The decline in Asia equities in an opportunity to accumulate bellwether shares in China and Hong Kong. President Xi Jinping will ensure economic growth remains stable and no credit shocks roil the financial markets in the run up to the Communist Party’s National People Congress. This means Beijing will attain in Politburo’s 6.5% GDP growth target and the “One Belt, One Road” initiative could well mean $1 trillion in new infrastructure projects that could transform entire sectors of the Chinese economy, notably in the vast western province of Sinkiang. While I normally detest investing in state owned companies and Orwellian Marxist-Leninist dictatorships, it is impossible to ignore the myriad macro data points in both Mainland China and Hong Kong.
Inflation adjusted interest rates in China are now zero. State reserves have now once again risen above $3 trillion. The People Bank of China and the Politburo have cracked down on rampant speculation in property, wealth management products and flight capital outside the Middle Kingdom.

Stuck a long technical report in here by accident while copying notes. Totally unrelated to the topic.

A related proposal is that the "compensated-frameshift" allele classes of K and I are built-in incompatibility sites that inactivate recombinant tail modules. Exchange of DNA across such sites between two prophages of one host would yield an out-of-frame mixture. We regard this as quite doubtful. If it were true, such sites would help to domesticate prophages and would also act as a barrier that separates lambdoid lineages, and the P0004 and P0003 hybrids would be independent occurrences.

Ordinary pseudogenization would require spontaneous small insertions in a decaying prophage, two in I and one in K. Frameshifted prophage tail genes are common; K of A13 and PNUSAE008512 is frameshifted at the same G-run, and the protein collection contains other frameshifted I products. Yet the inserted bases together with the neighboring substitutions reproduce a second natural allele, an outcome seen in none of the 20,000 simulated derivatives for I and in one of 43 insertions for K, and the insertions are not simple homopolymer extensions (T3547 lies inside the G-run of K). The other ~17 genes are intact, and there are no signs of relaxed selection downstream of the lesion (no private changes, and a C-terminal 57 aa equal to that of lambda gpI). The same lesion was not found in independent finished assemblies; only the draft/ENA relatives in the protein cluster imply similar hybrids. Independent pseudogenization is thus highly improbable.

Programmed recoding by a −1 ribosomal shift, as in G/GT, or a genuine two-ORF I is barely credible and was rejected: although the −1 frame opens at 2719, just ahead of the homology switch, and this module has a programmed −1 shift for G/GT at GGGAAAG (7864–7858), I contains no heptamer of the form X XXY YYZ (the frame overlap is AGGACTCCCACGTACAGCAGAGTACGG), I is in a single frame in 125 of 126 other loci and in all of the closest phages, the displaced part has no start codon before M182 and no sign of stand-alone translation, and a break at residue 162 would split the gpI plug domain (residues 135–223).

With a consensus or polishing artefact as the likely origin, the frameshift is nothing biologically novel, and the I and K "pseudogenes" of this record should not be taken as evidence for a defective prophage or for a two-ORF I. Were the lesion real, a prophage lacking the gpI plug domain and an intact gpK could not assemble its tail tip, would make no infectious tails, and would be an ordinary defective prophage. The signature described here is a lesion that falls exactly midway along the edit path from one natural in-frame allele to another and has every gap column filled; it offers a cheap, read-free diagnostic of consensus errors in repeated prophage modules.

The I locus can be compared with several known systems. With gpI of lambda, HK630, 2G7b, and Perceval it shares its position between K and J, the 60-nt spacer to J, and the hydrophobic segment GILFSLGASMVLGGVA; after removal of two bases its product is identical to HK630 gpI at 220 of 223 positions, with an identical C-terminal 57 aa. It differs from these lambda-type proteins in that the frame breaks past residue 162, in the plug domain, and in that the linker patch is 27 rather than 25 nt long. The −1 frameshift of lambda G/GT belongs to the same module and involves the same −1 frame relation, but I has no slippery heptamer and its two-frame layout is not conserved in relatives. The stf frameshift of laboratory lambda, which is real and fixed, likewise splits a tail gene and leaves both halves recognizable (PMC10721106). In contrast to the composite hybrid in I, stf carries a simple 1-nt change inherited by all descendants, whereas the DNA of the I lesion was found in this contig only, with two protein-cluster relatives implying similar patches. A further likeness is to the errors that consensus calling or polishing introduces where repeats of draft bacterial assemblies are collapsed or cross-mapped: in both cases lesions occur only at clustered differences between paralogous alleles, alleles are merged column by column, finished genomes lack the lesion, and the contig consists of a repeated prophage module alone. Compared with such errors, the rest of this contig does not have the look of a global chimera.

This means Chinese shares traded in Hong Kong will once again attract a tsunami of Mainland domestic liquidity, the reason I believe the H share index could well rise to 12000. Both Mainland pension funds/insurance companies and global investors will accumulate Chinese H shares this autumn. Unlike 2015, there is no margin trading Frankenstein in Hong Kong, the Federal Reserve will not aggressively hike US dollar interest rates, Asia ex Japan funds are still underweight Chinese H shares and Shanghai A shares are now included in the Morgan Stanley emerging market indices.
Chinese H shares in Hong Kong trade at 6.9 times forward earnings, well below their 10-year average multiple of 8.9. Yummy, Comrade Chopsticks!
Indian shares trade at 19 times earnings, far above MSCI China and their own 10-year average multiple of 15.4 times earnings. India has been the crowded, consensus trade in the emerging markets, thanks to $30 billion in offshore debt and equity inflows into Dalal Street attracted by the BJP’s reformist agenda, the prospect of RBI rate cuts and lower inflation, the GST and the highest GDP and corporate earnings growth in Asia. The path to Nifty 10,000 included more than a dollop of “irrational exuberance”, notably in the IPO and small cap sectors.
India no longer makes sense for a “beta trade” as earnings growth rates decelerates in 2018, possibly to 12%. This means the current India bulls could be gored as the stock market trades one standard deviation above its valuation band. The real money in India will be made via stock selection (my picks are ICICI Bank, HDFC Bank, Cipla) and long duration G-Sec debt, thanks to the highest real interest rates in Asia on the prospect of at least two more RBI rate cuts.